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I need to implement some NLP in my current module. I am looking for some good library that can help me here. I came across 'LingPipe' but could not completely follow on how to use it.
Basically, we need to implement a feature where the application can decipher customer instructions (delivery instructions) typed in plain english. Eg:

  • Will pick up at 12:00 noon tomorrow
  • Request delivery after 10th June
  • Please do not send before Wednesday
  • Add 10 more units of XYZ to the order
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LingPipe is very nice and well documented. You can also take a look at:

The last one specifically might be of interest to you, although I don't know whether there are any readily available Java implementations (and maybe that's too big of a gun for your problem anyway :-)

Paul's idea of using a DSL is probably easier and faster to implement, and more reliable to use for your customers. I, too, would recommend looking into that first.

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    I presented my report based on the inputs I gathered from this forum and other places on the net. I also suggested the other options that you suggested and the Biz has decided to keep this on hold (Now begins the R&D to find the best possible candidate). – Vini May 21 '09 at 22:03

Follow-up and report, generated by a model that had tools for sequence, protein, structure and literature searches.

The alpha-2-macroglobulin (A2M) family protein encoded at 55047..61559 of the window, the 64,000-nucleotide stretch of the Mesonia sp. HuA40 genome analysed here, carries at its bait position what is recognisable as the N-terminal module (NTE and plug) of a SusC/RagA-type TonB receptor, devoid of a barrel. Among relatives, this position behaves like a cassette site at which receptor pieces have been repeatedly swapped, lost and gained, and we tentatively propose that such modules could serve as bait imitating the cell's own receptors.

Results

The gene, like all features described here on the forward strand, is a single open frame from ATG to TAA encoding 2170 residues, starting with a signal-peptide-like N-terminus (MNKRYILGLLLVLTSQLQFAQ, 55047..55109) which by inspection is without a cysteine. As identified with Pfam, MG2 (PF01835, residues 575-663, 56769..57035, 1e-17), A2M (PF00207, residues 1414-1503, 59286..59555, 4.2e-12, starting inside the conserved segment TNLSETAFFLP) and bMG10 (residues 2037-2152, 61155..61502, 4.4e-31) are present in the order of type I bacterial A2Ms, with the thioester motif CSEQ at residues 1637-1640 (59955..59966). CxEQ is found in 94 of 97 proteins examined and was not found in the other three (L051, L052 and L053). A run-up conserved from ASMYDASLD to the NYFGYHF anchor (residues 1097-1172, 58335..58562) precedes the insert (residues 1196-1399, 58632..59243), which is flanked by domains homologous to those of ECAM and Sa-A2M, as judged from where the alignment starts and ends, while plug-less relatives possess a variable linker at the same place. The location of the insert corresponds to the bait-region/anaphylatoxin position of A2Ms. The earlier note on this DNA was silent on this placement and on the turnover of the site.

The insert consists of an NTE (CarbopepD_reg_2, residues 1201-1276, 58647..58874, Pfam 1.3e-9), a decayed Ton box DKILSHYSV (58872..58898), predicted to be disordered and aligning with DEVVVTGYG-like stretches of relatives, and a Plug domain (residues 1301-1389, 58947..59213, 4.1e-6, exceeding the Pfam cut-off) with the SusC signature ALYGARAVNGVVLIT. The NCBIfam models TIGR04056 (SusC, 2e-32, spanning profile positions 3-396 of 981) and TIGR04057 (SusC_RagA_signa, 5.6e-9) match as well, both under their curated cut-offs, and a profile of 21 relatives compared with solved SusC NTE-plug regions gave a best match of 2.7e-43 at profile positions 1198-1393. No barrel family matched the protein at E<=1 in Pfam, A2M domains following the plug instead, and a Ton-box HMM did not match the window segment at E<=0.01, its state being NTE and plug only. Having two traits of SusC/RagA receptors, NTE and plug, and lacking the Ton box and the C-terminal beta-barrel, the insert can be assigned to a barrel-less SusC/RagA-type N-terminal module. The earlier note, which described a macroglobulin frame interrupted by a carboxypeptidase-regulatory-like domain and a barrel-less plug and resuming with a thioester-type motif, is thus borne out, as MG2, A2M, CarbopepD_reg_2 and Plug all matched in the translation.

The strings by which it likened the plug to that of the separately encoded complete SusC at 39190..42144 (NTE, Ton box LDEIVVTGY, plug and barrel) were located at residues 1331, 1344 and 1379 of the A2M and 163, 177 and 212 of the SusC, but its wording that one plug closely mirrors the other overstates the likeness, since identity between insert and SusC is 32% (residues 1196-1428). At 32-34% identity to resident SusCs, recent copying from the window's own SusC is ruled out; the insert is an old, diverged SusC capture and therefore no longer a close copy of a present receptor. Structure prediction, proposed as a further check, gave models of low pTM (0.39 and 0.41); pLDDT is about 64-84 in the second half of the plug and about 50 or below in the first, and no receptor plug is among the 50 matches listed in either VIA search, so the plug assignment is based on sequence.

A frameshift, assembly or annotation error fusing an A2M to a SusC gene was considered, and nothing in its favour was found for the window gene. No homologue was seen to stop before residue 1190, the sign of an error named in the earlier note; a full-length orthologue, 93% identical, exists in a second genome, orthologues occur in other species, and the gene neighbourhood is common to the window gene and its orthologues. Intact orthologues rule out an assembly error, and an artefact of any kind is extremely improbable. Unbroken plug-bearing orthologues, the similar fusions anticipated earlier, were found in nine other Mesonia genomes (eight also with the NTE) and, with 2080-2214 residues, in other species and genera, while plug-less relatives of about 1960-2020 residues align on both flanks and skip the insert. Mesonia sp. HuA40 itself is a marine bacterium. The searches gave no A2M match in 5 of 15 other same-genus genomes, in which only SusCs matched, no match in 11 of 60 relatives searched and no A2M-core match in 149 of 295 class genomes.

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    If you compare LingPipe and others you listed which one would you prefer? I ask this not specific only for @Winnie's question, I ask it for general purpose. – kamaci Oct 30 '12 at 9:48
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    Check out MALLET: mallet.cs.umass.edu – Samik R Jan 4 '13 at 23:43
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I think whether or not you choose to use NLP might depend on the specific requirements for your system. Is it a requirement that free-form english should be accepted, or will only a certain set of instructions be accepted? It might be easier to build a domain specific language that supports what your users need to convey than to do full-on semantic analysis of free-form text.

In the Java space, Groovy has some support for building DSLs.

  • Here are a few lines from the requirement document: '.. and the user should be able to enter a note or a special instruction in plain english. The system should then parse the user instruction and populate the relevant fields (if any) of the order with the correct values." – Vini May 16 '09 at 1:13
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    That's a pretty vague requirement. For example, does the note have to be grammatically correct? I'm not sure if the parties that came up with the requirements are familiar with the state of NLP, but the problem they've described is essentially reading comprehension, or natural language understanding, which is one of the problems described as 'the holy grail' of NLP. It's doubtful to me that you'll find a package that can just 'do this' for you -- it's probably far more realistic to give the user a UI where they can specify a limited number of special instructions. – Paul Morie May 16 '09 at 3:09
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For other JVM languages see

  • The NLP part of Scala NLP called Epic seems to be still coming soon though. – Erik Kaplun Apr 11 '14 at 1:26

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